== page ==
Concept and design: Owen, A.Y. Lee, C.S. Lee.
Acquisition, analysis, or interpretation of data: All authors.
Drafting of the manuscript: Blazes, Lacy, Yanagihara, A.Y. Lee.
Critical revision of the manuscript for important intellectual content: Owen, Blazes, Yanagihara, Van Gelder, A.Y. Lee, C.S. Lee.
Statistical analysis: Owen, Lacy, A.Y. Lee, C.S. Lee.
Obtained funding: A.Y. Lee.
Administrative, technical, or material support: Blazes, Yanagihara, A.Y. Lee.
Supervision: Van Gelder, A.Y. Lee, C.S. Lee.
Conflict of Interest Disclosures: Dr A.Y. Lee reported receiving grants from the National Eye Institute as well as grants from Research to Prevent Blindness during the conduct of the study and grants from Santen; personal fees from the US Food and Drug Administration, Genentech, Gyroscope, Carl Zeiss Meditec, and Topcon; and nonfinancial support from Microsoft outside the submitted work. Dr C.S. Lee reported receiving grants from the National Institute on Aging outside the submitted work. No other disclosures were reported.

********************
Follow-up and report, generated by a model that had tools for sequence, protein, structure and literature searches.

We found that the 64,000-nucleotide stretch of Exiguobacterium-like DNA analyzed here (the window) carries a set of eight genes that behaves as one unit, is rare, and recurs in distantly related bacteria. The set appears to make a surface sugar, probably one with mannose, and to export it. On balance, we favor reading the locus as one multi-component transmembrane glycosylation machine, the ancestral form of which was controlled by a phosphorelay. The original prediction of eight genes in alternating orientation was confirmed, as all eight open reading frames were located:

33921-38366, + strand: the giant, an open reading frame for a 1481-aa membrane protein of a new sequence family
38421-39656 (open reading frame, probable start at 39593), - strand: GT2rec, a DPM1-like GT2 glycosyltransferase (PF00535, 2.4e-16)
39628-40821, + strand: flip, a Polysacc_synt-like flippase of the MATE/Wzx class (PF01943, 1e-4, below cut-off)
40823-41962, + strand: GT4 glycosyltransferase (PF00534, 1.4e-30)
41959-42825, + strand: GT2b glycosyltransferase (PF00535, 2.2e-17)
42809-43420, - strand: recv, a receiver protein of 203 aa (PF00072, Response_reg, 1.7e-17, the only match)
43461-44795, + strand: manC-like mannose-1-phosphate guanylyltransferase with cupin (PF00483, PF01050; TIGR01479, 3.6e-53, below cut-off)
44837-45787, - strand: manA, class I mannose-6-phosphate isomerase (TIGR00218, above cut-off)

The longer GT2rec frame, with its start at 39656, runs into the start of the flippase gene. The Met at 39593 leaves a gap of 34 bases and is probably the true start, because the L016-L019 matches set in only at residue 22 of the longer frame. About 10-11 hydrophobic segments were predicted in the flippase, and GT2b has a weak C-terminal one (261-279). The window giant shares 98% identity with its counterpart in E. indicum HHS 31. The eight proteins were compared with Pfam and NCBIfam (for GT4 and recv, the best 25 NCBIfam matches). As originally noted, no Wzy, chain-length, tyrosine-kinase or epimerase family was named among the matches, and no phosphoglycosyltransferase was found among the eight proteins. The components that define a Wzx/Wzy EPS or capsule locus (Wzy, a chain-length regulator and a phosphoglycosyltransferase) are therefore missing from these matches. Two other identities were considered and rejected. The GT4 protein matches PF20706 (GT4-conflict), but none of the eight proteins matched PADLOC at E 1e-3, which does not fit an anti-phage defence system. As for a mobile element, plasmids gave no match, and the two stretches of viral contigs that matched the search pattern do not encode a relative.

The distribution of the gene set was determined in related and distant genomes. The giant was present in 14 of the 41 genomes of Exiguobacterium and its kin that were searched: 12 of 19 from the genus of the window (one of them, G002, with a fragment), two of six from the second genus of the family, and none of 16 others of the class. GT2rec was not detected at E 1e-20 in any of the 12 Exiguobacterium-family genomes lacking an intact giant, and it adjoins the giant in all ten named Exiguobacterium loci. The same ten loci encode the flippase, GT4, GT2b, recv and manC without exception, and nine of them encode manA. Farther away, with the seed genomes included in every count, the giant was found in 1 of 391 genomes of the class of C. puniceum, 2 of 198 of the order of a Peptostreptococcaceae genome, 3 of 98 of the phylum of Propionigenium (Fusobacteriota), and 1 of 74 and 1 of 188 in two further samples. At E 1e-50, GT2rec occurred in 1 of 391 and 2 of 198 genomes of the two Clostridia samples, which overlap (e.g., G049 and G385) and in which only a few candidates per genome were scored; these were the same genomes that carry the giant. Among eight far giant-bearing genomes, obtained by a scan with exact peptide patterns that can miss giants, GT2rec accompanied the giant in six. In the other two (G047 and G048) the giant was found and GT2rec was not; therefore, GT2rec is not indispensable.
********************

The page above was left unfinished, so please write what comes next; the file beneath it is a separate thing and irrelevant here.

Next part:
Funding/Support: This research was supported by grant K23EY029246 from the National Eye Institute (Dr A.Y. Lee), grant R01AG060942 from the National Institute on Aging (Dr C.S. Lee), a Latham Vision Innovation Award (Dr A.Y. Lee), and an unrestricted grant from Research to Prevent Blindness (Drs C.S. Lee and A.Y. Lee).
Role of the Funder/Sponsor: The funding sources had no role in the design and conduct of the study; collection, management, analysis, and interpretation of the data; preparation, review, or approval of the manuscript; and decision to submit the manuscript for publication.
Group Information: IRIS Research Analytic Center Consortium members are listed in Supplement 2.
Disclaimer: This article does not reflect the opinions of the US Food and Drug Administration.